What Dr. Foster is saying is not fundamentally different from the Paley’s watch argument. The theologian Paley remarked that when he looks at the works of his watch, he realises that it implies an intelligent maker, and that man is, after all, more complex than any watch. However, Dr. Foster – if I understand him aright – is not trying to introduce God through the back door. He is less concerned with theories about who does the programming than with the fact that there is programming throughout nature; he is concerned with the question of how the ‘information’ gets carried to the DNA, and ‘cosmic radiation’ suggests itself as a plausible assumption. He says, ‘One establishes a new picture of the universe as a digitised universe, an information universe, but I think that because of the strong cybernetical influences at work, I prefer to call it The Intelligent Universe.’
It is interesting that Dr. Foster arrives at this Intelligent Universe not by starting from the idea of purpose or God, as religious thinkers do, but simply by considering the facts we now know about the cybernetic programming of living matter. What emerges is a picture of the universe that fits in with the theories of other scientists and psychologists during the past twenty years: Teilhard de Chardin, Sir Julian Huxley, C. H. Waddington, Abraham Maslow, Viktor Frankl, Michael Polanyi, Noam Chomsky. What all these men have in common is an opposition to ‘reductionism,’ the attempt to explain man and the universe in terms of the laws of physics or the behaviour of laboratory rats. The psychologist Abraham Maslow, for example, writes: ‘Man has a “higher nature” that is just as instinctoid as his lower (animal) nature…’ Dr. Foster’s theory of a ‘digitised universe’ is perhaps bolder than the evolutionism of Huxley and Waddington, but the spirit is fundamentally similar. There is no contradiction.
And all this means that for the first time in Western history a book on the occult can be something more than a collection of marvels and absurdities. Religion, mysticism and magic all spring from the same basic ‘feeling’ about the universe: a sudden feeling of meaning, which human beings sometimes ‘pick up’ accidentally, as your radio might pick up some unknown station. Poets feel that we are cut off from meaning by a thick lead wall, and that sometimes for no reason we can understand the wall seems to vanish and we are suddenly overwhelmed with a sense of the infinite interestingness of things. Ivan Karamazov, in Dostoevsky’s novel, tells a story about an atheist who did not believe in life after death, and after his death, God sentenced him to walk a billion miles as a penance. The atheist lay on the road and refused to move for a million years; however, he eventually dragged himself to his feet and unwillingly walked the billion miles. And when he was finally admitted to heaven, he immediately declared that it would have been worth walking ten times as far just for five minutes of heaven. Dostoevsky catches this mystical sense of a meaning so intense that it surpasses anything we can conceive and that would make any effort worthwhile. It is the sense of meaning that spurs man to make the efforts necessary to evolution. While he believes that his boredom and pessimism are telling him the truth about the universe he refuses to make an effort. If, like Ivan’s sinner, he could get a sudden glimpse of ‘meaning,’ he would become unconquerable and unkillable; walking ten billion miles would be a joke.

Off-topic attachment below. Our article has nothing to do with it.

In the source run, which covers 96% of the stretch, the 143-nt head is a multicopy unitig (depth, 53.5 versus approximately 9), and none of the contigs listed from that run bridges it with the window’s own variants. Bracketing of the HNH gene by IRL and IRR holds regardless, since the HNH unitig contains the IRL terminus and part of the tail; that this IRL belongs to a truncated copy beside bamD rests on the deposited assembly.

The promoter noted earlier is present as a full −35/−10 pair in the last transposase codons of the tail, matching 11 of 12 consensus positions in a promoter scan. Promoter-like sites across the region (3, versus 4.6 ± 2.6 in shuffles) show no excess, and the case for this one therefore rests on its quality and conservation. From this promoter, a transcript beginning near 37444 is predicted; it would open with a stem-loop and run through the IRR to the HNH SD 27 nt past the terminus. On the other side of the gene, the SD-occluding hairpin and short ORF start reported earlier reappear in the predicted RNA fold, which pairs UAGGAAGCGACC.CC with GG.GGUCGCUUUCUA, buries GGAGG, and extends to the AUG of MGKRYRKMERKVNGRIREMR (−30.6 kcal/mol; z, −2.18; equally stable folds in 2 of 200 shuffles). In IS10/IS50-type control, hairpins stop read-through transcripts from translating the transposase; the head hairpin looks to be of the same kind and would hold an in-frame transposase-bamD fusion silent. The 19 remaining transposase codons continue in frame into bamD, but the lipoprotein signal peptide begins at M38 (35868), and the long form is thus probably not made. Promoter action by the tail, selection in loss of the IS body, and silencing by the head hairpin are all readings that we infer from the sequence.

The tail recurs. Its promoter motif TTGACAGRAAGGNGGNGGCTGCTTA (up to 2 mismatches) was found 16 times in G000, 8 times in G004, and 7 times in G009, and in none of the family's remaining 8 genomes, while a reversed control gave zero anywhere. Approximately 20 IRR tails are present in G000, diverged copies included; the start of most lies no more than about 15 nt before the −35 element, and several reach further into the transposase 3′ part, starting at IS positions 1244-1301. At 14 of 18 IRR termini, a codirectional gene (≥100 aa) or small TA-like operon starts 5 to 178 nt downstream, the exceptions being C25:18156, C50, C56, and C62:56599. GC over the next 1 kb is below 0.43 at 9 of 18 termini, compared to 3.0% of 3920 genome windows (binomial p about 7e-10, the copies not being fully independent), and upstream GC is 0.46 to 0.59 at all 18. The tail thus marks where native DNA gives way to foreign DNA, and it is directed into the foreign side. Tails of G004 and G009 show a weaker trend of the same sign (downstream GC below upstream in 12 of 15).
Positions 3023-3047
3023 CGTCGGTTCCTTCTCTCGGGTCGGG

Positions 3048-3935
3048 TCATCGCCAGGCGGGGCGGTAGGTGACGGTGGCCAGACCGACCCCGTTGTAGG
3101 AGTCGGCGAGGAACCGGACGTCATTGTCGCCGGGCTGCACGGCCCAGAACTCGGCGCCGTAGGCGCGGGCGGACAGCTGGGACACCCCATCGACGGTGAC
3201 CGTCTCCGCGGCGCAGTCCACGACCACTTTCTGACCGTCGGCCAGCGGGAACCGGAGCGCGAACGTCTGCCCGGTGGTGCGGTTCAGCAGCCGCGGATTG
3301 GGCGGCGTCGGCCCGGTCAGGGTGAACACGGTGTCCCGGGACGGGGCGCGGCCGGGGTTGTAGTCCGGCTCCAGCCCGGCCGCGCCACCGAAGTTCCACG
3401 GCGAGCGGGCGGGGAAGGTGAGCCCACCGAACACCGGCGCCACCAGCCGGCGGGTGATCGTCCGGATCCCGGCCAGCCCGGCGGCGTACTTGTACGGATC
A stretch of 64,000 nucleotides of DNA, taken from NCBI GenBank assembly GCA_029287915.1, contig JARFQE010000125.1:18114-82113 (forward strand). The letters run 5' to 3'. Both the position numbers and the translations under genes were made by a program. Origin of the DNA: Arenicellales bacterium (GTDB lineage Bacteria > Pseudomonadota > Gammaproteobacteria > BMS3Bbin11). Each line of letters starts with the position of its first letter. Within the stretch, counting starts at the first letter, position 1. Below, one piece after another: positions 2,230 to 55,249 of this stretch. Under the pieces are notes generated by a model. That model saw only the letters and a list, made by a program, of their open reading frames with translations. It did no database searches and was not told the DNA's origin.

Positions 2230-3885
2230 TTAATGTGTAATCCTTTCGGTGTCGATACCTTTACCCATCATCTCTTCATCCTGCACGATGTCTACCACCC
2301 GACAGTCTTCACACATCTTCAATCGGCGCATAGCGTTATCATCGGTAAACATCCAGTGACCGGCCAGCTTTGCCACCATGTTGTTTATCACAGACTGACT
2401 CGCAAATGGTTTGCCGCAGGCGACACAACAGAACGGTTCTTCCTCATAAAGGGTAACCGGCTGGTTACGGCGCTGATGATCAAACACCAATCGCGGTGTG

Now, Western science has always agreed that there is plenty to discover about the universe – but it is fundamentally a dead, mechanical universe. You might say that the scientist is nothing more than a glorified accident-investigator. And the accident-investigator is himself the product of accident. But man is more deeply moved by meaning than by accident. The French speleologist Norbert Casteret found the underground caves at Montespan exciting to explore; but this was nothing to his excitement when he found the walls covered with paintings of lions and horses, and realised that he had stumbled on the art of prehistoric cave men. Discovery of the product of intelligence is always more exciting than the product of accident.
If David Foster is right, or even half right, then it is the beginning of a new epoch in human knowledge, for science will cease to be the investigation of accident and become a search for meaning. He writes, ‘The universe is a total construction of waves and vibrations whose inner content is “meaning”…’ admitting at the same time that our instruments are far too clumsy to decode the meanings carried by high-frequency vibrations. But to believe that the meaning is there, to be decoded, is an enormous step forward, almost the equivalent of the atheist’s glimpse of heaven.
And, for present purposes, it also provides a picture of the universe that has room for ‘occult phenomena’ as well as for atomic physics. In the past, the trouble was always where to draw the line. If you could accept telepathy and premonitions of the future, then why not astrology and fortune-telling and werewolves and vampires and ghosts and witches casting spells? Because if you are going to contradict scientific logic, you may as well be hanged for a sheep as for a lamb, and see how many impossible things you can believe before breakfast.